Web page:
Germany's domestic intelligence chief, Hans-Georg Maassen, has been told to quit and move to a senior post at the interior ministry.
The government decision came amid a row over Mr Maassen's response to far-right unrest in Chemnitz, eastern Germany.
Anti-migrant "hunts" were reported there on 26 August after a German man was killed in a brawl with migrants.
Mr Maassen doubted that foreign-looking people had been hounded. Chancellor Angela Merkel was urged to sack him.
Mr Maassen will leave the BfV spy service and become a state secretary in the interior ministry.
Several xenophobic assaults were reported in the eastern city after the fatal stabbing of Daniel Hillig. They were described as racist "hunts", and images emerged showing demonstrators chasing people and flinging bottles and fireworks.
Controversially, spy chief Mr Maassen said his Federal Office for Constitutional Protection (BfV) - which is similar to the British MI5 - had "no reliable information about such hunts taking place" in Chemnitz.
He also questioned whether a video posted by "Antifa Zeckenbiss" - meaning "anti-fascist tick bite" - really showed, as claimed, a "hunt in Chemnitz" on 26 August.
Mr Maassen said the video could have been disinformation. He said he did not know who was behind Antifa Zeckenbiss.
German public broadcaster ARD said in a "fact-check" that Antifa Zeckenbiss is an anonymous Twitter account, active since February, posting anti-fascist messages and "there is nothing to indicate that it is a fake account".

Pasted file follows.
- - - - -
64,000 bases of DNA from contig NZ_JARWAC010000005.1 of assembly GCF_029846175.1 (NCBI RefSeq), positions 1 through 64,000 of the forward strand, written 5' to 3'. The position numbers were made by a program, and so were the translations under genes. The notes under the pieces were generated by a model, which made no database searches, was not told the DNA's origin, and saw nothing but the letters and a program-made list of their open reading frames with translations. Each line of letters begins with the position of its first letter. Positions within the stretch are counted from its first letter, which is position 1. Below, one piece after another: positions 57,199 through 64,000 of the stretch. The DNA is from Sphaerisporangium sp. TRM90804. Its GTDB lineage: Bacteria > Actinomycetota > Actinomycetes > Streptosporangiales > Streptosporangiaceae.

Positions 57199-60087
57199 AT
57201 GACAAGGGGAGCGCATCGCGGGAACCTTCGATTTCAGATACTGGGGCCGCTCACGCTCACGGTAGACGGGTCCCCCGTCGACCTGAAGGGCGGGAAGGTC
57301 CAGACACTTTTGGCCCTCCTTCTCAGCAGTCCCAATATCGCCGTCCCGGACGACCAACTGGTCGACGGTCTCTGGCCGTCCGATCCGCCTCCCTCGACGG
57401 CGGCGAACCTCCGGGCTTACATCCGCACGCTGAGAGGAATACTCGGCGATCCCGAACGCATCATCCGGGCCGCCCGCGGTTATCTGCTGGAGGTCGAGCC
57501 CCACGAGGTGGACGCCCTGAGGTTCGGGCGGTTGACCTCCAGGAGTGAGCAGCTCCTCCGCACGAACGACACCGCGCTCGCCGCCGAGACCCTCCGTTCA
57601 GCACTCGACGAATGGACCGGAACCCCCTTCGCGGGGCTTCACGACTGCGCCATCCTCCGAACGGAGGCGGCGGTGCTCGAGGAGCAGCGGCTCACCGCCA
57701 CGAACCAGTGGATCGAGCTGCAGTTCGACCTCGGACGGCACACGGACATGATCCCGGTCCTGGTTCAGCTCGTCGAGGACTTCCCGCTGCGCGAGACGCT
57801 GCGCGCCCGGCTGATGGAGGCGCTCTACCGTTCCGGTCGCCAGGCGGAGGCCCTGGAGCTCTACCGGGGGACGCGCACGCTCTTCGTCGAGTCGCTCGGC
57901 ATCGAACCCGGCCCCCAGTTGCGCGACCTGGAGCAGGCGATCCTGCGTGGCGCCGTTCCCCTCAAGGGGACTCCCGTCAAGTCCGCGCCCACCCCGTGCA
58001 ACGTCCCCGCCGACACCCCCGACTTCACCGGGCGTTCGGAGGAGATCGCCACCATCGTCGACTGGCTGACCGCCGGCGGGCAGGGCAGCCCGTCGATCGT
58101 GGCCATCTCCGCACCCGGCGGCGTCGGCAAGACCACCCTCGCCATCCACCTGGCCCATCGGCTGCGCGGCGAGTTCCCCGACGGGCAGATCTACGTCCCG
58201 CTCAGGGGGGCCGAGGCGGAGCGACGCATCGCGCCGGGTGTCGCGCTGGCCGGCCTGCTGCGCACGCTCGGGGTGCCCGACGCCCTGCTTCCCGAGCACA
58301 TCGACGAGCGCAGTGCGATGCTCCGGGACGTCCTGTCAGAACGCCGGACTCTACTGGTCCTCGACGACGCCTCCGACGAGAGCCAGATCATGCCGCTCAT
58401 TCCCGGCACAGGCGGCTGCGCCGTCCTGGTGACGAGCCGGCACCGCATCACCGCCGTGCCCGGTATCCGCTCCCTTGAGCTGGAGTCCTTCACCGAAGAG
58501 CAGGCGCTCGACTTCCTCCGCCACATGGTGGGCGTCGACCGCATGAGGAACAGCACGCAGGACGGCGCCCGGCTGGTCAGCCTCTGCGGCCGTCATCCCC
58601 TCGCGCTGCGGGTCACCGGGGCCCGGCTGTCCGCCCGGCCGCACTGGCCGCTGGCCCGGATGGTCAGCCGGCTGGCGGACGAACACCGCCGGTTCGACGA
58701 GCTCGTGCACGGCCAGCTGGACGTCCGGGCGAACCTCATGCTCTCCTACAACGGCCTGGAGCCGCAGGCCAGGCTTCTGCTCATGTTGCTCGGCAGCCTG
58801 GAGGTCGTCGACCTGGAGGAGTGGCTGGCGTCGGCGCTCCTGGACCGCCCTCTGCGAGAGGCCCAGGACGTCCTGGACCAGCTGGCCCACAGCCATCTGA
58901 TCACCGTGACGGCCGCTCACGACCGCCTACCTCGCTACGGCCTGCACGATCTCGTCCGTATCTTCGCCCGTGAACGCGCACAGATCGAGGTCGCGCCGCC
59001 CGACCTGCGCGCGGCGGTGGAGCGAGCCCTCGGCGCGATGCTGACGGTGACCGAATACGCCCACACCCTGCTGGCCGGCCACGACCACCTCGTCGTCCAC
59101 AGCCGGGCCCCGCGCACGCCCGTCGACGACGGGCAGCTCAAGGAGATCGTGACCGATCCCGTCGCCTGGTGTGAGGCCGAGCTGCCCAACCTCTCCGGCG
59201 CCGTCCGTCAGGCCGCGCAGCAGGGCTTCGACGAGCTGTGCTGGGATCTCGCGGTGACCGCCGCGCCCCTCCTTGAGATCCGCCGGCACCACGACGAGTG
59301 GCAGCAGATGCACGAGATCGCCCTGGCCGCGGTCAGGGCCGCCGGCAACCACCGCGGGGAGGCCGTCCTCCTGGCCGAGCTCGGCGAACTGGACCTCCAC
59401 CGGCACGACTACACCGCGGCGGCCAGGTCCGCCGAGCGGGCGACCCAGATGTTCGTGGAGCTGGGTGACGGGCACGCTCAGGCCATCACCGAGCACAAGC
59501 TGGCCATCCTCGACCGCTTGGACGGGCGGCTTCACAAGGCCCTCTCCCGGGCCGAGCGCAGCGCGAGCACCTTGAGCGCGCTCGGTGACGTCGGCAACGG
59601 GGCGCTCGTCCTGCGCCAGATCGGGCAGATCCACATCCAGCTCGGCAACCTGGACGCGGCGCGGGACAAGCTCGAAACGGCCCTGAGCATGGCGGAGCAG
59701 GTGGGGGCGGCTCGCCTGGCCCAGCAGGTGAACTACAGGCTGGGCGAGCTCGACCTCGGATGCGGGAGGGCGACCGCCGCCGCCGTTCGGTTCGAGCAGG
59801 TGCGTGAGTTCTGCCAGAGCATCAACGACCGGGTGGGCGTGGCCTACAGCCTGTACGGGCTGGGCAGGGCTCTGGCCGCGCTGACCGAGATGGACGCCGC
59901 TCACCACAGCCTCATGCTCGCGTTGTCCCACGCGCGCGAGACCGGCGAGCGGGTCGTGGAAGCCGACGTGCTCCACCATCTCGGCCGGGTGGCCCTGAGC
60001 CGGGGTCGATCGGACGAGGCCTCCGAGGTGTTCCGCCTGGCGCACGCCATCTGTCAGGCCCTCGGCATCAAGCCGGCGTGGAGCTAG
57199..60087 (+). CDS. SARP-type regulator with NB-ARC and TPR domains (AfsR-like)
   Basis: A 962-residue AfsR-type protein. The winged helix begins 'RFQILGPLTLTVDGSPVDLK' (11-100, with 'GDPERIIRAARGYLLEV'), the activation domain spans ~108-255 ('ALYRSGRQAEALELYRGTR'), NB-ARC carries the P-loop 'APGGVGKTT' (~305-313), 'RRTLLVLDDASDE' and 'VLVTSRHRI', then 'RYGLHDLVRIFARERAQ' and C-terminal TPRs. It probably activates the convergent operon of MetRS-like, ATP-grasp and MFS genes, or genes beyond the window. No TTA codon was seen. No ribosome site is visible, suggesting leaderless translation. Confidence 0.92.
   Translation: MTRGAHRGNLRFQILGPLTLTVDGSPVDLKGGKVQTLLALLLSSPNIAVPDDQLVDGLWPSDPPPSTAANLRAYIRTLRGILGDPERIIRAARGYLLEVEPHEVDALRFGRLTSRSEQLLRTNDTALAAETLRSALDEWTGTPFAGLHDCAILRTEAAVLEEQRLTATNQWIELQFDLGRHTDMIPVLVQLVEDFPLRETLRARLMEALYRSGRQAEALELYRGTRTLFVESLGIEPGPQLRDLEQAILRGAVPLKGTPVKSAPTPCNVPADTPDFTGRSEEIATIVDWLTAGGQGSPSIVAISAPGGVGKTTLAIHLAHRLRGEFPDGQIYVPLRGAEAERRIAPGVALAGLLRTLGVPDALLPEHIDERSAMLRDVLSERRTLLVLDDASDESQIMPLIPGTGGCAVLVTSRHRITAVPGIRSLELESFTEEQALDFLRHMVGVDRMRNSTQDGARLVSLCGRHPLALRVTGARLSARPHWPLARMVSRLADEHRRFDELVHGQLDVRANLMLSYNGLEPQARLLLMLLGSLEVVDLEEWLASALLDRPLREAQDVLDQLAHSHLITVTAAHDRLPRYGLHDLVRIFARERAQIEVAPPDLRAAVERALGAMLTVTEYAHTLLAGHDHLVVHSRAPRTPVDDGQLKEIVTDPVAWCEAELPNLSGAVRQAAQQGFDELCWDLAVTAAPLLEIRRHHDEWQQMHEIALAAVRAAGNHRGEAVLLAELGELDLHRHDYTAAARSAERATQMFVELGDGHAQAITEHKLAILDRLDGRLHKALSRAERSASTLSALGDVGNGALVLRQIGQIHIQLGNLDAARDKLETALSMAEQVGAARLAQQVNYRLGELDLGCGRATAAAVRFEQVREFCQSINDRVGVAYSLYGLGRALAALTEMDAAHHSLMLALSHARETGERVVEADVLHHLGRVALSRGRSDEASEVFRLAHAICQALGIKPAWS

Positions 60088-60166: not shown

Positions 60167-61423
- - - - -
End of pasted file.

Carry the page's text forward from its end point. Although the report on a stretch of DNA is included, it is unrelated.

There were more far-right rallies in Chemnitz after 26 August, and smaller counter-demonstrations by leftists.
Who decided to sack the spy boss?
Tuesday's decision was a compromise between Mrs Merkel and her coalition partners - Interior Minister Horst Seehofer, of the right-wing Bavarian CSU, and centre-left Social Democrat (SPD) leader Andrea Nahles.
Mr Seehofer defended Mr Maassen's actions over Chemnitz, but Ms Nahles wanted him dismissed.
Earlier in the day, an Iraqi man identified as Yousif A was released from custody, after three weeks in detention over the killing of Daniel Hillig.
His lawyer Ulrich Dost-Roxin said the detention had been "illegal", and accused officials and politicians of using him for political ends.
"No witness accused my client of involvement in the crime," he said in a statement.
A Syrian man is still in custody, and police are still looking for a third suspect.